Italian winemakers pride themselves on infusing each bottle of wine with a wealth of knowledge and skill. 

©e55evu/iStock via Getty Images

Some of the most famous vineyards in the world are located in Italy. Here, wine isn’t just about its amazing flavor — Italian wine is an art form that tells a story and is meant to be enjoyed with others. The country has a rich and lengthy history with wine, with evidence suggesting that even the Etrucscans were cultivating vines back in 800 BC! In fact, there are hundreds of grape varieties native to Italy, each with its unique flavor.

8. Scenic Beauty of the Italian Landscape

St. Magdalena village in Funes Valley, Dolomites, Northern Italy

The Dolomite Mountains are a scenic mountain range located in northeastern Italy.

©PositiveTravelArt/Shutterstock.com

There is nothing quite as stunning as the diverse landscapes of Italy. In Tuscany, you’ll find sun-kissed vineyards with fields of gold stretched out across the horizon. The Amalfi Coast, on the other hand, offers dramatic cliffsides straight out of a romantic fairytale, with elegant villas and colorful villages built along the stunning azure blue sea. The Dolomites are prized by mountain climbers and hikers, featuring emerald-green valleys, crystal clear alpine waters, and jagged mountain peaks.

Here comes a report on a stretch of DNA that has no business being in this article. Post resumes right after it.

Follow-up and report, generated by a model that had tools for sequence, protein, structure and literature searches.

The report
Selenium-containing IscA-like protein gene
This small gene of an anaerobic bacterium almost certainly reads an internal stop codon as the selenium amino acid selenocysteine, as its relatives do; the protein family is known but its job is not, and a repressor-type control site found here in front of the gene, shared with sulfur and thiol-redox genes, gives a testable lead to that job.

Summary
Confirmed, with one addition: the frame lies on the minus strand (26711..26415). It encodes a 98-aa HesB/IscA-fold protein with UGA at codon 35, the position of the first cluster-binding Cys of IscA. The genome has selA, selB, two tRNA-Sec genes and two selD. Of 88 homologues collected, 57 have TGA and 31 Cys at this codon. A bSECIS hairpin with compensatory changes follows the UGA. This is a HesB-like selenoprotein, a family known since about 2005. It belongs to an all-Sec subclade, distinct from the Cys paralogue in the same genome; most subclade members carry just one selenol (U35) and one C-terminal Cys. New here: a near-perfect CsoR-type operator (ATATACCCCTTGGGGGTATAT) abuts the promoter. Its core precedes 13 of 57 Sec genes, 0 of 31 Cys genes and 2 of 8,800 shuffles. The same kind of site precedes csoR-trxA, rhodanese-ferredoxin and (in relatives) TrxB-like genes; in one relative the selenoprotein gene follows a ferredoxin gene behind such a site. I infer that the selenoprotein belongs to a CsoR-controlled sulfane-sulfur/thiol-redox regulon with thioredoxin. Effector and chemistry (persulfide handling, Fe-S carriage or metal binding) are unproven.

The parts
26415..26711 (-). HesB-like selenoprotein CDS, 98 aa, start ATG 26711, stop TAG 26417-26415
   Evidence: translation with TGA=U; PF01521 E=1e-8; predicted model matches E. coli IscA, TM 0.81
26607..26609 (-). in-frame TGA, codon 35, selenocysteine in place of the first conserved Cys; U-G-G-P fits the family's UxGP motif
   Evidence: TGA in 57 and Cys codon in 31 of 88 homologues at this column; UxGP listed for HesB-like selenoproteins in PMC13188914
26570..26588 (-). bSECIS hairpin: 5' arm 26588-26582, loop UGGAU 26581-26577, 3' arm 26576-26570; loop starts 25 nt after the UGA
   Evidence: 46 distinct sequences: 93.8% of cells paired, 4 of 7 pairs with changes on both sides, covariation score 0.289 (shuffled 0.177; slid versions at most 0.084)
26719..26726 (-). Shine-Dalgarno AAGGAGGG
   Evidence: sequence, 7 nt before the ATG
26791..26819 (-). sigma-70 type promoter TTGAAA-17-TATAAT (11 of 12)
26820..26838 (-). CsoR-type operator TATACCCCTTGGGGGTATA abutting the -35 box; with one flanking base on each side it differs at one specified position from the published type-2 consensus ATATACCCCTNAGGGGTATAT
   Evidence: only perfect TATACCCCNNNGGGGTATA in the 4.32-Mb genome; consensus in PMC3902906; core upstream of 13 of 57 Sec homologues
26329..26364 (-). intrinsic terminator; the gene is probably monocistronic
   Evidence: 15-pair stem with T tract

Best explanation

9. History and Architecture

Pantheon in Rome, inside view, Italy

The Pantheon’s dome is one of the largest unreinforced concrete domes in the world.

©Pavel Ilyukhin/Shutterstock.com

The rich history of Italy is deeply intertwined with its incredible architecture, with a legacy that spans thousands of years. Each building tells its own unique story, standing as a testament to the resilience, ingenuity, and identity of the Italian people. Even before the Ancient Roman Empire, the Etruscans built several impressive temples. The Romans added their incredible innovations, and many of their architectural marvels still stand today, like the Colosseum and the Pantheon. Later, beautiful Byzantine and Romanesque churches were built throughout the country. During the Renaissance and Baroque eras Italian architecture continued to flourish, led by innovative architects like Michelangelo, Brunelleschi, and Bernini.

10. Family-Centered Life

Grandmother and granddaughter unraveling fresh tagliatelle with knife , Italy

Recipes are often passed down from one generation to the next in Italian families.

©&#169 Getty Images/The Image Bank via Getty Images